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day-time; and the land breezes, on the contrary, in the night.
From what has been observed, nothing is more easy than to see, why the northern and southern parts of the world, beyond the limits of the trade winds, are subject to such variety of winds. For the air, on account of the smaller influence of the sun in those parts, being undetermined to move toward any fixed point, is continually shifting from place to place, in order to restore the equilibrium, wherever it is destroyed; whether by the heat of the sun; the rising of vapours, or exhalations; the falling of great quantities of rain, or the melting of the snow upon the mountains, either of which causes a sudden condensation or compression of the air; or by high mountains, which alter the direction of the winds. For to these, not to mention other circumstances, we may trace the origin of all those storms, hurricanes, whirlwinds, and irregularities, which happen at different times and places'.
From this account of the nature and causes of the winds, it is natural to advert to their various uses in the material world. And, here, the superficial observer may inquire, how it happens, that, with such evident marks of wisdom and contrivance in the objects we have hitherto surveyed, a Being infinitely good, as well as wise and powerful, could permit such a variety of evils as are produced by storms and tempests; by which whole countries have been ravaged, and thousands, in every age, overwhelmed in the ocean. To this it may be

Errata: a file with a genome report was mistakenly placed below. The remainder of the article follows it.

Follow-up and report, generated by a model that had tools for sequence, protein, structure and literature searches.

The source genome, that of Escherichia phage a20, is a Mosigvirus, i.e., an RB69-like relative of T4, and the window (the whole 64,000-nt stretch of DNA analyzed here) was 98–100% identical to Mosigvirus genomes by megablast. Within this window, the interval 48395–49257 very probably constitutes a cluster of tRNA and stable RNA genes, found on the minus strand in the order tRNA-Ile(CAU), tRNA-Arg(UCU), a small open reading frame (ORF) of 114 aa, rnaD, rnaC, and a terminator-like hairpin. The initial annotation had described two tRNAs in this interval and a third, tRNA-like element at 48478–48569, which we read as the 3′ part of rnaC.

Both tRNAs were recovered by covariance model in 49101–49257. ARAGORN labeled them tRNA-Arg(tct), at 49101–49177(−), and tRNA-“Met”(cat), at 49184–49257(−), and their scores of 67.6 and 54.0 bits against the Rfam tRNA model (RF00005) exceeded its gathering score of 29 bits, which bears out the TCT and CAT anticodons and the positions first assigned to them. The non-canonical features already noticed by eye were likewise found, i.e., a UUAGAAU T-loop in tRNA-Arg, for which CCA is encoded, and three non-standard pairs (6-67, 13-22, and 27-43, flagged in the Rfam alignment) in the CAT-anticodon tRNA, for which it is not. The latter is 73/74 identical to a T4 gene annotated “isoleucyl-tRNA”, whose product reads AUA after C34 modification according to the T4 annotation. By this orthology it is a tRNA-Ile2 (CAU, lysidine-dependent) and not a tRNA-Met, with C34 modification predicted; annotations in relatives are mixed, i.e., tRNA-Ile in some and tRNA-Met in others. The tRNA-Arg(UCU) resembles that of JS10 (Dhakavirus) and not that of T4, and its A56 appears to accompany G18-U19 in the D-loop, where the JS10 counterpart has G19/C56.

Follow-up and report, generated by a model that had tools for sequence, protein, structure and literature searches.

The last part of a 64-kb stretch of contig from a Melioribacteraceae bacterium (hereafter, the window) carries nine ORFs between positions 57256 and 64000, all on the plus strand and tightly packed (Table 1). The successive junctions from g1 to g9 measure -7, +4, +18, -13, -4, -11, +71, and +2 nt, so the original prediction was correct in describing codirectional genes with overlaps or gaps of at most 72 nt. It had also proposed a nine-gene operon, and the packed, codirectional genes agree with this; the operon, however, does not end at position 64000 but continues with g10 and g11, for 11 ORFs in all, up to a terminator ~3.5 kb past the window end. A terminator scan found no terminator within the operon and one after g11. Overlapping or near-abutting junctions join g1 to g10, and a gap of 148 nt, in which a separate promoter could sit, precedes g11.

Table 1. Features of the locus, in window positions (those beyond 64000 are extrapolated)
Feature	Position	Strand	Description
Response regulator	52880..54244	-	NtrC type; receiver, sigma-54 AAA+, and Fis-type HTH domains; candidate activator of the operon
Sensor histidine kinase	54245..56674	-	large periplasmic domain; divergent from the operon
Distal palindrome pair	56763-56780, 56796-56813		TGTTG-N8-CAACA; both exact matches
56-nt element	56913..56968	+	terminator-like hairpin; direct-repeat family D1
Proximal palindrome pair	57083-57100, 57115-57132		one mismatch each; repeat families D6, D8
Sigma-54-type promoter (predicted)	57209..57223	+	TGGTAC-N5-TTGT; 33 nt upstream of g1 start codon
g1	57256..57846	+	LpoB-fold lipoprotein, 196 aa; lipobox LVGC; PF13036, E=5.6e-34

This account of the winds corresponds, in the main, with the theory of Dr. Halley. Another hypothesis has been advanced by Mr. Dalton, in his Meteorological Essays; but it does not appear to us preferable to the one here adopted.
observed, that nothing is properly an evil, which it is consistent with the perfections of the Deity to permit or appoint, but what deserves that character upon the whole. This we can never presume to say, of any thing we are acquainted with, nor, indeed, of any natural evils that are of a limited duration. It is more becoming to suppose, that they may have a tendency to promote the more solid and permanent happiness of individuals (after several intermediate consequences, which we are too shortsighted to trace) as well as the general good of the creation. Nor can we demonstrate, or even argue the contrary, with any probability, unless we can likewise comprehend all the infinite variety of de signs, that an all-wise Being may intend to effect, by particular occurrences, and thoroughly understand the whole plan of his government, the connection of the several parts of it, and their reference and subordination to each other.
"Tis but a part we see, and not a whole. POPE. It must, at least, be unquestionable, that what seems wrong in the present state, may be amply rectified in some future scene of existence, and the present evil infinitely overbalanced by the succeeding good.
It may further be observed, with the poetical philosopher just quoted, that all partial evil is universal good.' Of what we call natural evils, many are most admirably adapted to the preservation and welfare of the creation.
In thy world material, mighty mind!